Chrome's browser privacy feature is called Incognito. The browser does not track what you are viewing which means it does not create a retrievable file that lists the pages you viewed or searches you submitted. The viewing experience will be "normal" though all extensions will be disabled. Extensions include custom toolbars and applications such as antivirus software and Skype. You can enable the extensions if needed.
When you open a browser window in INCOGNITO you will see an explanation similar to this screenshot.
Internet Explorer 10 (IE10) offers browser privacy in the form of its InPrivate Browsing mode, easily activated via the browser's Safety menu or through a simple keyboard shortcut. With InPrivate Browsing active, IE10 does not save any private data files such as cache and cookies. Browsing and search history are also wiped out while using incognito browsing within Internet Explorer.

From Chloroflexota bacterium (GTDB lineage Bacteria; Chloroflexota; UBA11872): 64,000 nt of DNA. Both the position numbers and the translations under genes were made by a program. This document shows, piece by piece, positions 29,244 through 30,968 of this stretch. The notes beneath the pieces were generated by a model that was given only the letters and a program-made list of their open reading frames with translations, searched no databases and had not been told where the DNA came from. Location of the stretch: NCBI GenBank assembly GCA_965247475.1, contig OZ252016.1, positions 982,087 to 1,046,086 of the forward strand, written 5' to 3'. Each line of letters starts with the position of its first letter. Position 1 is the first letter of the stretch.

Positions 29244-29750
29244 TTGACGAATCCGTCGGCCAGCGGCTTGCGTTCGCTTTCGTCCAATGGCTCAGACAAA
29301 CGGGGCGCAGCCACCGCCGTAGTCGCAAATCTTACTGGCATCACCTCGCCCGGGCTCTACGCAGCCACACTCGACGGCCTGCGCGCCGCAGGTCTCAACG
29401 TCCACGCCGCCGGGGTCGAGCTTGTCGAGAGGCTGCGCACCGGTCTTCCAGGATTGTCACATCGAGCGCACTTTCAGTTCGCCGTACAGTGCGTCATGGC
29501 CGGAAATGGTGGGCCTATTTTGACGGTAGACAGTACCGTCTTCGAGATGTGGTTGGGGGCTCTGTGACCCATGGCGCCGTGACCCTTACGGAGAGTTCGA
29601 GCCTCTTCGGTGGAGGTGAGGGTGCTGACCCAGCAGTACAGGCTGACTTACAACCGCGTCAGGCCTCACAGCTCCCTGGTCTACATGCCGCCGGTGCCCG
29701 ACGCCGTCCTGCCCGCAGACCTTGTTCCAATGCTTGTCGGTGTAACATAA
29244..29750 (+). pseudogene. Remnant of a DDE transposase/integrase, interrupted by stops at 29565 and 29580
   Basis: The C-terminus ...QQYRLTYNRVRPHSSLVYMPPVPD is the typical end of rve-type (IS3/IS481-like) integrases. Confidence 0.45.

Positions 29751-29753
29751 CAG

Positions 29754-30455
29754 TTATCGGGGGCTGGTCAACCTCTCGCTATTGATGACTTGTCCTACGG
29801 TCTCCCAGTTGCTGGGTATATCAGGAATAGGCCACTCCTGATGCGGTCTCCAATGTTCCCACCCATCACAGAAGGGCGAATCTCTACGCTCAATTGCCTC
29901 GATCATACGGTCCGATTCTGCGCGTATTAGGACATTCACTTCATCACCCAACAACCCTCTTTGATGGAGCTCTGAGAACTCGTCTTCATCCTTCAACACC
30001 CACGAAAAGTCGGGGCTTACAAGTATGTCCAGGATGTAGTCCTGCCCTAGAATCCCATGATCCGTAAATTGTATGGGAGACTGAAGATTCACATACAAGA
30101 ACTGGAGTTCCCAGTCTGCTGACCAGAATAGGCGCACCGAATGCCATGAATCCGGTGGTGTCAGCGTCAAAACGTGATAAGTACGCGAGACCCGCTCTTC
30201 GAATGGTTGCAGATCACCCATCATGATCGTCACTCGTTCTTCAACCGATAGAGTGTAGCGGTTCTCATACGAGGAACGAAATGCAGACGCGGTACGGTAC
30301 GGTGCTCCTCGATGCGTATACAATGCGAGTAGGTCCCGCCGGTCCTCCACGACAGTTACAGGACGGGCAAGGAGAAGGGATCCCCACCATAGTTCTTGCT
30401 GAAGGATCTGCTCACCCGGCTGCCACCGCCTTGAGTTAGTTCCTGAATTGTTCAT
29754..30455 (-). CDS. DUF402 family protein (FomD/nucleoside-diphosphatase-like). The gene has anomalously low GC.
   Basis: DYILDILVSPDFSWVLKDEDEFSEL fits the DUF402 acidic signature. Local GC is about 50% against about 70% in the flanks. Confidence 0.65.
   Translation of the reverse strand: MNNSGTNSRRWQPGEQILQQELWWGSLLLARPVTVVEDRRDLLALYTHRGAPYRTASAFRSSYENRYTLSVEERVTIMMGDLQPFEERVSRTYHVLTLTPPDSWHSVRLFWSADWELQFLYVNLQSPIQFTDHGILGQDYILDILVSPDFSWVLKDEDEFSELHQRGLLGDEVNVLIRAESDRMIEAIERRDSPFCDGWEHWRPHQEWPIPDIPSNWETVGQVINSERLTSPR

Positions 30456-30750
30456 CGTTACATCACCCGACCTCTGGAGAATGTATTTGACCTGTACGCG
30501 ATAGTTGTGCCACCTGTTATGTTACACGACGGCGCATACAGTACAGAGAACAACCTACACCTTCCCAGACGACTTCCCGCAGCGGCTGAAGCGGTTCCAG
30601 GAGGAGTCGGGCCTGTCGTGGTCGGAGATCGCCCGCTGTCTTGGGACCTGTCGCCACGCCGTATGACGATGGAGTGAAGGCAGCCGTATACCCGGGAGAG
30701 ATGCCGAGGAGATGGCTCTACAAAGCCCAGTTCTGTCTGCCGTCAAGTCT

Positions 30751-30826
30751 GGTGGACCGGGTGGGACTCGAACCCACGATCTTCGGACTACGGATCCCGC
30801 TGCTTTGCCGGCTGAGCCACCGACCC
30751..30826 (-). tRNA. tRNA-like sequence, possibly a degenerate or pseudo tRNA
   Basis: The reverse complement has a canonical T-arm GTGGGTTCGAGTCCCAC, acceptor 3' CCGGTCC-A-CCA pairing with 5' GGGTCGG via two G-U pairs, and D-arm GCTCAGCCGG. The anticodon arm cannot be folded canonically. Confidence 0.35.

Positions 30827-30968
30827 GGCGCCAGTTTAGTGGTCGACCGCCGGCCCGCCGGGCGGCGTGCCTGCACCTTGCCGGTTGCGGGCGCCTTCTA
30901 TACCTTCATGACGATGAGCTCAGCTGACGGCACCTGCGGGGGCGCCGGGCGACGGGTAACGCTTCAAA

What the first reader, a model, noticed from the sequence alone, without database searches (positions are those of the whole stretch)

Firefox offers this info on their Private Browsing.
Warning: Private Browsing doesn't make you anonymous on the Internet. Your Internet service provider, employer, or the sites themselves can still track what pages you visit. Private Browsing also doesn't protect you from keyloggers or spyware that may be installed on your computer.